Building a humidor..

illinoisgolf99illinoisgolf99 Posts: 1,507
Hey everyone so I am a novice woodworker but my dad is pretty good at it (he has a side business so I'm assuming he is) and I would really like some advice on the materials, tools, and instructions needed to build a humidor. I was thinking about starting small but eventually I want to build a rather large cabinet humi, 5000 ct. I'm thinking

Comments

  • xmacroxmacro Posts: 3,402
    WaxingMoon is the guy to see/talk to. Other than that, a humidor's purpose is to contain humidity, which requires tight joints and good wood that can withstand the (sometimes) extreme difference between the humidity inside and the humidity outside. Spanish cedar is most often used due to its mild smell, but there are a few species of mahogany that possess similar qualities (Davidoff makes a few humidors using only mahogany).
  • illinoisgolf99:
    Hey everyone so I am a novice woodworker but my dad is pretty good at it (he has a side business so I'm assuming he is) and I would really like some advice on the materials, tools, and instructions needed to build a humidor. I was thinking about starting small but eventually I want to build a rather large cabinet humi, 5000 ct. I'm thinking
    I didnt build from scratch...but I converted an old cabient into a humi...let me know if you want some ideas. it was pretty easy and fun at the same time. i have near 500 or so in there right now but can hold around 700 if I moved some stuff around.
  • illinoisgolf99illinoisgolf99 Posts: 1,507
    txjayhawk:
    illinoisgolf99:
    Hey everyone so I am a novice woodworker but my dad is pretty good at it (he has a side business so I'm assuming he is) and I would really like some advice on the materials, tools, and instructions needed to build a humidor. I was thinking about starting small but eventually I want to build a rather large cabinet humi, 5000 ct. I'm thinking


    I didnt build from scratch...but I converted an old cabient into a humi...let me know if you want some ideas. it was pretty easy and fun at the same time. i have near 500 or so in there right now but can hold around 700 if I moved some stuff around.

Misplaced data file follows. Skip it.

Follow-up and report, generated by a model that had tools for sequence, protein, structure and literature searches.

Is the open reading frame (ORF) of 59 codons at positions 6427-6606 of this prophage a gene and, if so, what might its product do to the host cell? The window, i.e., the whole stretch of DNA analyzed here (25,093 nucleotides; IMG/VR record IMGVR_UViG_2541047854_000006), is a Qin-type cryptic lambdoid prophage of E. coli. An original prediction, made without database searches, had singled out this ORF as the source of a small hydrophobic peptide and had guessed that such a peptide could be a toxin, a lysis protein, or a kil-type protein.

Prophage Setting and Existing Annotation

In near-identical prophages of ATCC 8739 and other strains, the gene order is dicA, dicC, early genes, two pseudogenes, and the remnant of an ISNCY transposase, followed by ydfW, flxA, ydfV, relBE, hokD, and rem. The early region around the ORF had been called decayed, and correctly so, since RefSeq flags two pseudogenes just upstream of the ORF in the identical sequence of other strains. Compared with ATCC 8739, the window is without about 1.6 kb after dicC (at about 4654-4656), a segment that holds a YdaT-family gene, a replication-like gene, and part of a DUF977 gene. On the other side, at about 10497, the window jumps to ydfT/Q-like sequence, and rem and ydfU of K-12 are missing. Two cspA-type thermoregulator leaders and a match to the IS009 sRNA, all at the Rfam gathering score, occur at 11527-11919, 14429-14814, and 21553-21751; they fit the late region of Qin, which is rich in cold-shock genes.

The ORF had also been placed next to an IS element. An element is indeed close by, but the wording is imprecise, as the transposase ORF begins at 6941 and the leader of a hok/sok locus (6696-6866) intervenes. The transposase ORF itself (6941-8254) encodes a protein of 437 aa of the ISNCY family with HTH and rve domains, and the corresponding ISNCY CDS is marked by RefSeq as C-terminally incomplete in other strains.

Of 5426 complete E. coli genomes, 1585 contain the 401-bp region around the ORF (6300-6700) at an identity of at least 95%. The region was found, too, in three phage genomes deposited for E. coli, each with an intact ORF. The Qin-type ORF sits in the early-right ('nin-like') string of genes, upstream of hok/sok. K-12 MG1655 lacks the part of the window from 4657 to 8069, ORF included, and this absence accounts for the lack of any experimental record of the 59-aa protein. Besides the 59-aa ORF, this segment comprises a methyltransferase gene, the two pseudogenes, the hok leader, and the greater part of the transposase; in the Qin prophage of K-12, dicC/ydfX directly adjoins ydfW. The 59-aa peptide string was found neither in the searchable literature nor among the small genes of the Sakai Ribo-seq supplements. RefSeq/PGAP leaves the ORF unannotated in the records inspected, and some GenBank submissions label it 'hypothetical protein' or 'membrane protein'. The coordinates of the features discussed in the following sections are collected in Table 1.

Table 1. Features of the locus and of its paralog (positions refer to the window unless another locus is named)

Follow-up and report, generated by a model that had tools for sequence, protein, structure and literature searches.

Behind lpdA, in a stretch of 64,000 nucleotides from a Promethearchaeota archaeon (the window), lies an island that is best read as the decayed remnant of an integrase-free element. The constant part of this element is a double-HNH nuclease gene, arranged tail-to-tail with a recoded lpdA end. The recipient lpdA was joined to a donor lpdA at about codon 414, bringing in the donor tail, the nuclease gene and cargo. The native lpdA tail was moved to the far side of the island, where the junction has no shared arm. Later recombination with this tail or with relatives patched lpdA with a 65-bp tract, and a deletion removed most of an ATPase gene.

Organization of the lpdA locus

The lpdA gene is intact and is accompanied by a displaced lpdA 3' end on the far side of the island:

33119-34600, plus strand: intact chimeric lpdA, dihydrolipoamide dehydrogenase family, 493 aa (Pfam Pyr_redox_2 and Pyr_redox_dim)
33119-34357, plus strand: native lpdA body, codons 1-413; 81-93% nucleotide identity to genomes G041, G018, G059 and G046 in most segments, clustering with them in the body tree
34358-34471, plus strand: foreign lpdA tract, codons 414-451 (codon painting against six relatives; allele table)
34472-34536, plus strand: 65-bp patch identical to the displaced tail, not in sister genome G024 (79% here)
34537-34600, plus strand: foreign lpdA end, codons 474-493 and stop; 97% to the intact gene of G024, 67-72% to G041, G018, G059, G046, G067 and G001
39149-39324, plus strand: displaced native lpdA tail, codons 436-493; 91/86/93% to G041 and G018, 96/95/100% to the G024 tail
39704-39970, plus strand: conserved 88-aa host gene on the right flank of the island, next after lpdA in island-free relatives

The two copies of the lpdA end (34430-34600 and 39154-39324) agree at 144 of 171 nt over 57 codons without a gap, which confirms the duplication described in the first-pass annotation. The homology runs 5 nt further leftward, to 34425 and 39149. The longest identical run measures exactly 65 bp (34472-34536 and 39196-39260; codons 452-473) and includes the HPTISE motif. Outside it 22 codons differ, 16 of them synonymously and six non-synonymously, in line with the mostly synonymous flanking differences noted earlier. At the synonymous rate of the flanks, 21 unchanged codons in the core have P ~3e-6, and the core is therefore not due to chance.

That sounds awesome, I would really appreciate some ideas on how you did that.. I want to have a cabinet someday so any info would be of great help!
  • illinoisgolf99:
    Hey everyone so I am a novice woodworker but my dad is pretty good at it (he has a side business so I'm assuming he is) and I would really like some advice on the materials, tools, and instructions needed to build a humidor. I was thinking about starting small but eventually I want to build a rather large cabinet humi, 5000 ct. I'm thinking
    I used some cedar right out of the north woods here in WI and it looks and smells great! The best part about building your own humi is you can make it out of what ever you want. I would use a wood that naturally resists mold such as cedar or at least line the inside with cedar. That will help control the humidity and keep the mold out. It also adds that great aromatic smell. Good luck and keep us posted.
  • Rob1110Rob1110 Posts: 1,455 ✭✭
    xmacro:
    WaxingMoon is the guy to see/talk to. Other than that, a humidor's purpose is to contain humidity, which requires tight joints and good wood that can withstand the (sometimes) extreme difference between the humidity inside and the humidity outside. Spanish cedar is most often used due to its mild smell, but there are a few species of mahogany that possess similar qualities (Davidoff makes a few humidors using only mahogany).
    Spanish cedar technically IS mahogany. It's not spanish and it's not a cedar. That's just the common name it's been given.
  • Rob1110Rob1110 Posts: 1,455 ✭✭
    It's not the typical mahogany commonly used in building materials here, but it is a type of mahogany. And they don't used north american cedar. Too aromatic.
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